An Interview with Esther Pollard

Netty C. Gross - The Jerusalem Post - December 15, 1993

Jonathan Pollard's biggest problem at the maximum-security federal penitentiary in Marion, Illinois, was the ticking of the clock.

"Jonathan used to tell me that his problem in Marion was that his concept of time was going down a gaping hole," says Elaine (Esther) Zeitz, his 39-year-old Canadian fiancee of three years.

Until July, Pollard, serving a life sentence for a 1985 conviction on a charge of passing classified documents to Israel, spent 23-hour days in solitary confinement at the prison.

His concrete cell in the notorious K unit (later condemned as inhumane by Amnesty International) was located three floors below ground.

"The heat in the summer was oppressive. He never saw a blade of grass. Every autumn, rats infested the cells. All his human and civil rights were and continue to be abused. He has suffered and continues to suffer physical and mental abuse. I stress continue."

Pollard was moved five months ago to the medium-security federal penitentiary in Butner, North Carolina.

Zeitz will not discuss her relationship with Pollard prior to 1990, but says they "reconnected" after she responded to an appeal in a newspaper asking readers to send him some words of comfort. Pollard sent her a packet of information about the case.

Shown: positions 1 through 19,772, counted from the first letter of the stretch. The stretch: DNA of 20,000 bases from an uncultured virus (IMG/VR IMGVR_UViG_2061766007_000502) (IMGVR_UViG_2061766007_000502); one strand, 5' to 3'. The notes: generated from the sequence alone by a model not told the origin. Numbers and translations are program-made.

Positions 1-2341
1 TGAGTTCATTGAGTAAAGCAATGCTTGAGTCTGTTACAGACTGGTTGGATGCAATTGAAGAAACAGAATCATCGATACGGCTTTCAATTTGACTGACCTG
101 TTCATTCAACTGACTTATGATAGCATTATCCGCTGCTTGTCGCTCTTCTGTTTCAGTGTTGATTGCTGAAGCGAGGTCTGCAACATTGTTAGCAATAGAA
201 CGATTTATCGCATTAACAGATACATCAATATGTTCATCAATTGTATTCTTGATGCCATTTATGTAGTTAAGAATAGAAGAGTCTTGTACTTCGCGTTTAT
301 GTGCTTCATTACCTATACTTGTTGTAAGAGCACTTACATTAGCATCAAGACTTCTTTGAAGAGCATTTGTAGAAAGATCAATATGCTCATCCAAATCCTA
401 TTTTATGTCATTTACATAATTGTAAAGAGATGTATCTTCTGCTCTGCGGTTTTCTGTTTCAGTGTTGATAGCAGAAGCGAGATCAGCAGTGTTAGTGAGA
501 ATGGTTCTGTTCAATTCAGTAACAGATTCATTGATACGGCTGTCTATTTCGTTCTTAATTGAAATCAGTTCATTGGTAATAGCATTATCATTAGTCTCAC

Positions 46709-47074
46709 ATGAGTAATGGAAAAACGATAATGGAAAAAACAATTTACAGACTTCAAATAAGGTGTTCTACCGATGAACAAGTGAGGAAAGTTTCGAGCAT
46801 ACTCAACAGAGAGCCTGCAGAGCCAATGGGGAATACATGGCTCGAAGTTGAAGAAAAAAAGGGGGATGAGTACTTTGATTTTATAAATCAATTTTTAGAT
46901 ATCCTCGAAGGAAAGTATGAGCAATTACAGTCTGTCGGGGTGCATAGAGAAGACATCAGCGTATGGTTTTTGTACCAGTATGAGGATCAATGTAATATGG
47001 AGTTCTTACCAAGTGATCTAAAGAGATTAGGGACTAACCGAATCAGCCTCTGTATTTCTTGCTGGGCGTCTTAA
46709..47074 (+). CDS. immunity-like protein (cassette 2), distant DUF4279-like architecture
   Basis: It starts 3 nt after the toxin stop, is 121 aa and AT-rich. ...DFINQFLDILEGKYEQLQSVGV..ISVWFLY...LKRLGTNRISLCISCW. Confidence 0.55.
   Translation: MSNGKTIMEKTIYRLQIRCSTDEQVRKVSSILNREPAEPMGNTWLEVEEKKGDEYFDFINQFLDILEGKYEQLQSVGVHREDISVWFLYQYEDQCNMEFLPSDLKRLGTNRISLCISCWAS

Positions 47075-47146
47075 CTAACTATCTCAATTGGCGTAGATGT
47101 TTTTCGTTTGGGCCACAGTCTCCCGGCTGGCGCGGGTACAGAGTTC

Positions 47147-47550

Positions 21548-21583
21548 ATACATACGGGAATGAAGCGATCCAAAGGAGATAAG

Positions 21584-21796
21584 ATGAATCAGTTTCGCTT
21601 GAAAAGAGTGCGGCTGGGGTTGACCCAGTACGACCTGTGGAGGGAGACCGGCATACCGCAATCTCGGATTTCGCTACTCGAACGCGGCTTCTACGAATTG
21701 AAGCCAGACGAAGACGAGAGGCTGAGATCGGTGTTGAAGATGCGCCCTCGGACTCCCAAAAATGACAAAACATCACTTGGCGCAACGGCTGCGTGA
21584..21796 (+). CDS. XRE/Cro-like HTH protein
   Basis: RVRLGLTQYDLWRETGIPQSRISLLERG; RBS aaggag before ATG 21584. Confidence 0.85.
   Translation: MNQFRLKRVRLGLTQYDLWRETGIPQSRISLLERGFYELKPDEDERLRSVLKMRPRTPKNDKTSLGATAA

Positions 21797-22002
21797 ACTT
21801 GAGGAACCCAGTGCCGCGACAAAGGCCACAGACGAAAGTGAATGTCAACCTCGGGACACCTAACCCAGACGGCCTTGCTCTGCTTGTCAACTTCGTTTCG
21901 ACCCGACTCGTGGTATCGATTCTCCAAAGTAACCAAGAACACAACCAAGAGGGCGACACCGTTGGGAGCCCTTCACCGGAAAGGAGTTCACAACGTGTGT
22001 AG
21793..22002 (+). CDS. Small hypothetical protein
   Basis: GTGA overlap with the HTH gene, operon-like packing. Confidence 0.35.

"I would like to debunk the myth that Jonathan's incarceration is easier [in Butner]. It isn't. Nor can he hang on much longer," Zeitz says. She maintains that Pollard is currently wakened at 4:30 a.m. and works between eight and 12 hours cutting fabric. He shares a dormitory room with 49 other inmates.

She says Pollard, who became religious in Marion, is denied the use of ritual objects and kosher food.

"He arrived from eight and a half years of total isolation to a hostile antisemitic atmosphere in Butner ... Today Jonathan is hanging onto the cliff while they are dancing on his fingernails. In terms of his well-being, it's the 11th hour. A minute before midnight, actually."

Zeitz arrived here last Thursday "at the request of Jonathan, whom I speak to on a daily basis and with whom I consult on every single matter pertaining to him." She came at the invitation of the New Channel 2 talk-show host Rafi Reshef.

She says she decided to go public after her romance with Pollard was disclosed by Amnon Dror, who heads the Israel Committee for the Release of Pollard. He says it was an inadvertent slip of the tongue to a reporter.

A comely, soft-spoken educator, Zeitz runs a bilingual (English and French) center in Toronto for children with learning disabilities.

She keeps a photograph of Pollard in her leather billfold along with a laminated note from former Sephardi chief rabbi Mordechai Eliahu, who visited Pollard in Marion on October 15, 1991. Eliahu gave him a prayer book, which Zeitz says was confiscated by authorities to harass him.

Zeitz's decision to talk publicly about her engagement to Pollard came after a recent flurry of articles in the American press predicting that the US Justice Department would recommend that President Bill Clinton deny Pollard clemency.